Size-wise, the biggest deal of the new art season comes right at the start with “Pacific Standard Time: LA/LA,” a roundup of some 70 museum exhibitions in Los Angeles and throughout Southern California devoted to Latin American and Latino art. The chronological arc is wide, from pre-Columbian gold to contemporary performance. So is the ethnic spectrum, with surveys of Afro-Brazilian and Chinese Caribbean art, and work by artists of Japanese descent living in Lima, Peru, and Mexico City.
The influence of Mexico in Southern California, as cultural underpinning and overlay, gets close attention. Shows like “The U.S.-Mexican Border: Place, Imagination, and Possibility” tackle pressing current issues; others, like a career retrospective of the magnificent Chicana muralist Judith F. Baca, write histories long overdue. If I could see just one show, it would be “Radical Women: Latin American Art, 1960-1985” at the Hammer Museum, in which each of 116 genius artists, each in a distinctive way, dismantles the kind of social and spiritual walls the government in Washington is trying to build. (From mid-September through January.)
On the East Coast, the major attractions are basically self-sellers. “Michelangelo: Divine Draftsman and Designer” unites 150 drawings by the High Renaissance titan at the Metropolitan Museum of Art (Nov. 13-Feb.12), and adds some sculpture as a chaser. Admission lines are probably already forming on Fifth Avenue.
A bankable master will rule in Washington, too, when “Vermeer and the Masters of Genre Painting: Inspiration and Rivalry” arrives, from the Louvre, at the National Gallery of Art in Washington on Oct. 22. Ten pictures by Vermeer are in a package with dozens of paintings by 17th-century Dutch colleagues and frenemies like Pieter de Hooch, Gerrit Dou and Gerard ter Borch.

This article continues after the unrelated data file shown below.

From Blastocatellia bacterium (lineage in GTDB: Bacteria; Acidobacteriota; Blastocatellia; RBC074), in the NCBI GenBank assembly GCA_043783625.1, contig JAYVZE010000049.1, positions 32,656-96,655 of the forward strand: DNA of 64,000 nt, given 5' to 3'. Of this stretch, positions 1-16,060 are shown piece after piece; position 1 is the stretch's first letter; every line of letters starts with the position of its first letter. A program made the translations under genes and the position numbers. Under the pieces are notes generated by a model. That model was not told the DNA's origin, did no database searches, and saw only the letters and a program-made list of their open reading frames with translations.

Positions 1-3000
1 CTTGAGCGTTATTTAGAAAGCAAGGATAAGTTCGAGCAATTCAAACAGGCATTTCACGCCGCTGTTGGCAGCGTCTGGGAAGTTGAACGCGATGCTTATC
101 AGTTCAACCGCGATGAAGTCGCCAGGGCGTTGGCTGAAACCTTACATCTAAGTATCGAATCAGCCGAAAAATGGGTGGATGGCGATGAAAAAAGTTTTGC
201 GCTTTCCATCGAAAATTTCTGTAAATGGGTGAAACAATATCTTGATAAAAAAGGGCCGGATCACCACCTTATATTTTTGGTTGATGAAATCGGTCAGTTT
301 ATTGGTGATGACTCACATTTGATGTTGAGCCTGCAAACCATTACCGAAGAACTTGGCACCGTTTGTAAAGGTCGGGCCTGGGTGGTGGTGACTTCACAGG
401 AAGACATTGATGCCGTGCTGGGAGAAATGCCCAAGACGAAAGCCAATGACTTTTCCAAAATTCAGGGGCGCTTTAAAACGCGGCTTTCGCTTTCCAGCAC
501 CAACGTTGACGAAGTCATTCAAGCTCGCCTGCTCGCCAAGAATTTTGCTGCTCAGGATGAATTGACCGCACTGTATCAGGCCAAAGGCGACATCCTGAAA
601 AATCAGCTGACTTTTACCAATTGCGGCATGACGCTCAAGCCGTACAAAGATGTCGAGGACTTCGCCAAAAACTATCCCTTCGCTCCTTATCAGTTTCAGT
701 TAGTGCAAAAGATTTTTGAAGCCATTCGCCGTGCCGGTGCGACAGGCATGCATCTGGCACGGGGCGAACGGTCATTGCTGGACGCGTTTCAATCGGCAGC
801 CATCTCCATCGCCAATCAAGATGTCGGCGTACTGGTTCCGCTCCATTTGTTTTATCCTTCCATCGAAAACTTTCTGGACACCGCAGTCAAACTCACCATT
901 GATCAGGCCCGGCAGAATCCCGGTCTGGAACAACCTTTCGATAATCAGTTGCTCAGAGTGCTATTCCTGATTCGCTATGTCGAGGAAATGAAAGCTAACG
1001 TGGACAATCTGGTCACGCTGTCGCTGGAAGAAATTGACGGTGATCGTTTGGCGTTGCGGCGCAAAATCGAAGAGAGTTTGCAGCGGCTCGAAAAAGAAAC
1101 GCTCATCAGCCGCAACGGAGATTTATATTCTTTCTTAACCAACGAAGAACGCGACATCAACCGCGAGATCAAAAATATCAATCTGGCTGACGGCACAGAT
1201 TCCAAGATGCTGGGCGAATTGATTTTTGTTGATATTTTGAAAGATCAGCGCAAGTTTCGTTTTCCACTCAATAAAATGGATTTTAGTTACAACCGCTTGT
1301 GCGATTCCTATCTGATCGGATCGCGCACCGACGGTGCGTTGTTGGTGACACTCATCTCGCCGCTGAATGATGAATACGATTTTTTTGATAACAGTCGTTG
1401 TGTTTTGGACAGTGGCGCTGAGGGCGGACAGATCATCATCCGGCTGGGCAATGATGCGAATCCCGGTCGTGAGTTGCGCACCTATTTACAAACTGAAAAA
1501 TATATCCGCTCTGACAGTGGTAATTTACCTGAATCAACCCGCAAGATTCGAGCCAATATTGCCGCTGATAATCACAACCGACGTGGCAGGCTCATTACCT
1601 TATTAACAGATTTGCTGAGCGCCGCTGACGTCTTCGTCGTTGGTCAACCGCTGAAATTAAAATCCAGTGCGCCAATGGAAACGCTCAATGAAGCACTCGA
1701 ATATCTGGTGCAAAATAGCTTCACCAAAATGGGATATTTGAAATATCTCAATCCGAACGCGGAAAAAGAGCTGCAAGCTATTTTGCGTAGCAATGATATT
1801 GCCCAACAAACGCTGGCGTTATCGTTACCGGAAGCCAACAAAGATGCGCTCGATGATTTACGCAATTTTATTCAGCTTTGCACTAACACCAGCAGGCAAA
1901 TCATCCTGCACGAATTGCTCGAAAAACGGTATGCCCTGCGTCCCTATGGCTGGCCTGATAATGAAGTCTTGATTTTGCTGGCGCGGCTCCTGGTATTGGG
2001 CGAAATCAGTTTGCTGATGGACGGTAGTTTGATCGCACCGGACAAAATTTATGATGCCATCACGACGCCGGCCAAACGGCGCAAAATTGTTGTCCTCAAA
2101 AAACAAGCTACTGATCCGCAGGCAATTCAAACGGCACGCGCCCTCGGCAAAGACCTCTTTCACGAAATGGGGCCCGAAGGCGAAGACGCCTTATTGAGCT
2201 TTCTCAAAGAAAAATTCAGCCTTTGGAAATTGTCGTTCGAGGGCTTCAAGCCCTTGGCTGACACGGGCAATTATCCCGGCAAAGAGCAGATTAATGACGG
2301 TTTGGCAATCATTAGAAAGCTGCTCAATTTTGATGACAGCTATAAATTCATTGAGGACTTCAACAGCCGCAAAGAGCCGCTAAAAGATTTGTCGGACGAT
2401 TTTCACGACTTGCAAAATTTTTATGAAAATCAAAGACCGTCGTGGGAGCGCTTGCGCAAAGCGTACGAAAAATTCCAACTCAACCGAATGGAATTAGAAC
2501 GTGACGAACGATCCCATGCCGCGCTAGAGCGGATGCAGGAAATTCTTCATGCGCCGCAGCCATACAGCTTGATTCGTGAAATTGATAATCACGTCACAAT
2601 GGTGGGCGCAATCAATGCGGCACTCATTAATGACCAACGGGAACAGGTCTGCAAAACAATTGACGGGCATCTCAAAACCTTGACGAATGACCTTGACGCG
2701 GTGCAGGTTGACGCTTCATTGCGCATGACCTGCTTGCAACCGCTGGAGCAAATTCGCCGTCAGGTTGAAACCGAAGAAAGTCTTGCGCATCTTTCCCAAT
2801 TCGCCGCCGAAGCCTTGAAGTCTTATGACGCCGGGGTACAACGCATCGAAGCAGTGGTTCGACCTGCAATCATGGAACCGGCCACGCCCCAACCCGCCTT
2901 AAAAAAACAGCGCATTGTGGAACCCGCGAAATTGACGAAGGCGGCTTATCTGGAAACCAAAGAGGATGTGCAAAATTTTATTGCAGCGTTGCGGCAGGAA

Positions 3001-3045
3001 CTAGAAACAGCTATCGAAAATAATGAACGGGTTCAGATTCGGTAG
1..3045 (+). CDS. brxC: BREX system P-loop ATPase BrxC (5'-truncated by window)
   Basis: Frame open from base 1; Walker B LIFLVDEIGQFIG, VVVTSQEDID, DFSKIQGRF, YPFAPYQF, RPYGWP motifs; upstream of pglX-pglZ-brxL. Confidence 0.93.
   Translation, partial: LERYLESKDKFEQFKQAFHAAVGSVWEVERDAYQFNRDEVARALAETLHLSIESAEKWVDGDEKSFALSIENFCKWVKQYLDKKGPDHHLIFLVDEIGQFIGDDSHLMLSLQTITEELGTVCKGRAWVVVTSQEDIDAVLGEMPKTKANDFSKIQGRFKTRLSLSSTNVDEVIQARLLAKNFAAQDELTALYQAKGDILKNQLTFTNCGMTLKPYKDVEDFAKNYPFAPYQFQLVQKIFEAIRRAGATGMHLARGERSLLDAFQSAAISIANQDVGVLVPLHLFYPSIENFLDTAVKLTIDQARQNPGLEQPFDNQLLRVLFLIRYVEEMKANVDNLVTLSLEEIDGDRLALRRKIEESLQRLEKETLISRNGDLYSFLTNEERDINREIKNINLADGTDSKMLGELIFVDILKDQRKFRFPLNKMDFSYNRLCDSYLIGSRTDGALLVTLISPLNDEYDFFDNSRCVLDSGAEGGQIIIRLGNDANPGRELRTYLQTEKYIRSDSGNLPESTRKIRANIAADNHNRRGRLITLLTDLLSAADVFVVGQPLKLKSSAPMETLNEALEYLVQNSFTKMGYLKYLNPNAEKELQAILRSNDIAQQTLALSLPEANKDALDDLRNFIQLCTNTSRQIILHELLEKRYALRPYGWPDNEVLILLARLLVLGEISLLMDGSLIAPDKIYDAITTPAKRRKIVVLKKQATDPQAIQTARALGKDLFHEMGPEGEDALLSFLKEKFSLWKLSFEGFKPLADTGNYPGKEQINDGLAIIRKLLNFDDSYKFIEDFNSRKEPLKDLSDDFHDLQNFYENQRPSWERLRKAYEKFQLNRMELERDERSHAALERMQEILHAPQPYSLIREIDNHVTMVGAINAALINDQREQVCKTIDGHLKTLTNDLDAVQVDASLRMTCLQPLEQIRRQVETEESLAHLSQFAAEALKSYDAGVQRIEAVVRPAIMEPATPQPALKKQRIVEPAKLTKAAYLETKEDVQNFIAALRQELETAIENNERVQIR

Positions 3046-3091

At New York’s Morgan Library & Museum, you’ll find work by European virtuosi from before and after that time in “Drawn to Greatness: Master Drawings from the Thaw Collection” (Sept. 29–Jan. 7). With 150 works — Mantegna to Matisse — from a spectacular ensemble (I mean, really, truly) assembled by Eugene V. and Clare Eddy Thaw over some 70 years, this is sure to be the old master sleeper of this season.
In 1998, the Asia Society brought the first major shipment of Chinese contemporary art to New York City. Some of the artists came, too: They had no money, were exhibiting in one another’s Beijing apartments and dodging post-Tiananmen censors. A few years later, China’s art market exploded; artists (a few) were living like emperors; and a wily government was veering between cracking down on art and promoting it. “Art and China After 1989: Theater of the World” at the Guggenheim Museum will tell the tale. (Oct. 6-Jan. 7)
A group show I’m especially looking forward to is “Trigger: Gender as a Tool and a Weapon” at the New Museum (Sept. 27-Jan. 21). Queer — sexual identity beyond body parts and bed partners — is here, and here to stay, and has made ambiguous the new logical. The show will be in the estimable hands of the New Museum curator Johanna Burton, and the 40 artists are a hot crew.
I’m also putting money on a smaller show, “Speech/Acts,” at the Institute of Contemporary Art in Philadelphia (Sept. 13-Dec. 23), which takes contemporary black poetry as both its theme and its material. That’s dynamite matter to work with, and there will be six terrific artists — Jibade-Khalil Huffman, Steffani Jemison, Tony Lewis, Tiona Nekkia McClodden, Kameelah Janan Rasheed and Martine Syms — on the job.